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Playa Vista Central Park

Light ignites access and visual connection for a site with colorful history.

Once inhabited by native Tongva people and then centuries later, by the Hughes Aircraft Company, the planned community of Playa Vista is gradually rising on LA’s West Side. In the 1940’s, Howard Hughes built a private airfield and his famous wooden “Spruce Goose,” an aircraft with the greatest wingspan in history.

This new park features lush gardens and tree groves, water features, a soccer field, sand volleyball court, basketball court, children’s play area, and a striking fabric shell and grass amphitheater. With goals to support the bold landscape and architectural features through intimate, ambient, and dramatic illumination, a unique luminaire palette was employed. Indirect vertical illumination reflected off adjacent surfaces addressed ambient lighting for pedestrian safety and comfort. Carefully placed low level bollards, step lights, and pole luminaires provide additional pathway lighting.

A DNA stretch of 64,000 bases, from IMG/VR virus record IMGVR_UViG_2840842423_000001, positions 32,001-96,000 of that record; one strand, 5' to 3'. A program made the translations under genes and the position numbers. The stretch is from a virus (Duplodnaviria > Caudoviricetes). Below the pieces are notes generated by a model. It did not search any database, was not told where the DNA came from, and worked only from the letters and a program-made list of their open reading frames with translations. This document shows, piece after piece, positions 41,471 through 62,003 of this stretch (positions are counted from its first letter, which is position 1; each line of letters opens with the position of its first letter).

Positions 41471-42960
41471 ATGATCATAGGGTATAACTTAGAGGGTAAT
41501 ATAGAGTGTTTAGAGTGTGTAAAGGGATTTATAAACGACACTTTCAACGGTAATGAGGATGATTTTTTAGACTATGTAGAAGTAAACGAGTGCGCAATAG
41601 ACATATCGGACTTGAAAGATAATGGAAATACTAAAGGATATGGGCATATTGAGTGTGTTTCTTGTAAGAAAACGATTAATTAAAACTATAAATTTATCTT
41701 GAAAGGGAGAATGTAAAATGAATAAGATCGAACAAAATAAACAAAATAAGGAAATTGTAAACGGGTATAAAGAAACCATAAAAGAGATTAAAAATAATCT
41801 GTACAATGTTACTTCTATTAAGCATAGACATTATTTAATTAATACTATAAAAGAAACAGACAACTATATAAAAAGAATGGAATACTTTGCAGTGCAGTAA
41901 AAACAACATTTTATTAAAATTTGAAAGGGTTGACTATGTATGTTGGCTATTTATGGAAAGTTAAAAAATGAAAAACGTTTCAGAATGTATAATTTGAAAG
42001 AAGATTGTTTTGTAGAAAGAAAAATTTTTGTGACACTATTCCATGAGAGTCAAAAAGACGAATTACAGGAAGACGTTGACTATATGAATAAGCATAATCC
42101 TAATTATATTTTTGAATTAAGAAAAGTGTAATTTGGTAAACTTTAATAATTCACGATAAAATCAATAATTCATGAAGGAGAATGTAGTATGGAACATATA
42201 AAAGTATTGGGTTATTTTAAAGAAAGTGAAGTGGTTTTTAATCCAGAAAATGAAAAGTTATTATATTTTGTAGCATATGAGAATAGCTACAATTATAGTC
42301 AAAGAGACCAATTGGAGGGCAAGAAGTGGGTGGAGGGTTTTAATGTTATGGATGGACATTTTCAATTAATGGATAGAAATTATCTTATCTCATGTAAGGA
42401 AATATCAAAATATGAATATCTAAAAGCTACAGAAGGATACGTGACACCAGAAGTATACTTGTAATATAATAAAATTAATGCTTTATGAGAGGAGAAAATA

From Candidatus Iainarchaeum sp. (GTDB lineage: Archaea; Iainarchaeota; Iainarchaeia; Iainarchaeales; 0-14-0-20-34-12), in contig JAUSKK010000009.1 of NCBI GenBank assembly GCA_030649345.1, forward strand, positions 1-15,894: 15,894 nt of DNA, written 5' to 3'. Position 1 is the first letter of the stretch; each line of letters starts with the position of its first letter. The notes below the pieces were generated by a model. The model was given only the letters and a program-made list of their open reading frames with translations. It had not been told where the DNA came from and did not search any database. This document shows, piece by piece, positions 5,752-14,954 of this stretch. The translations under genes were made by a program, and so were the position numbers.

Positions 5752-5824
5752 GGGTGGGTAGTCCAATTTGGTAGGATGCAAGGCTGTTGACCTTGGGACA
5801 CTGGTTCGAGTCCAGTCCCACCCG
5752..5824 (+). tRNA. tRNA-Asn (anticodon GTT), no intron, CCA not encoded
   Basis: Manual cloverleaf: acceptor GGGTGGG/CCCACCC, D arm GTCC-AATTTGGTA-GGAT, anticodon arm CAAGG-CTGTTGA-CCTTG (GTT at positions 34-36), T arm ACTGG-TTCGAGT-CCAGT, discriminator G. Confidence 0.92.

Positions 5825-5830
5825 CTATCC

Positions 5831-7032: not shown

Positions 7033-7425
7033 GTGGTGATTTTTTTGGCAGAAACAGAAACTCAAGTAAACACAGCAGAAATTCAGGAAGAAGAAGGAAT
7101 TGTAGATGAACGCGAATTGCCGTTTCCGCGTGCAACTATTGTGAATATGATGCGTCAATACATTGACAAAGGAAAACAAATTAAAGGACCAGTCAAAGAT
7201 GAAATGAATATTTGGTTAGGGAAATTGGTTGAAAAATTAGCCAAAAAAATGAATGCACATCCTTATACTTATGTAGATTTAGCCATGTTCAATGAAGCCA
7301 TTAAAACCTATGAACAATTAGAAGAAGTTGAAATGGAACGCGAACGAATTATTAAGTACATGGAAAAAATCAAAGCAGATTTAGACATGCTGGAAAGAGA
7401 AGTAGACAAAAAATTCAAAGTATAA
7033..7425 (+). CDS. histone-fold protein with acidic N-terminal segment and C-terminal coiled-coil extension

The amphitheater shell, comprised of fabric architecture, represents the “diamond” in this gem of a park. Goals included uniformly illuminating the complex volume while also providing general lighting for the stage. Despite tight wattage and budget restrictions, the team succeeded in crafting a vibrant, premier space that, with a unique use of light, enlivens and celebrates the Playa Vista community.

Project Highlights

• Flexible light levels
• Metal halide luminaires highlight dense fabric

Architect

• Michael Maltzan Architecture
• The Office of James Burnett

Location

Project Background

• 8 acres
• $8.7 million

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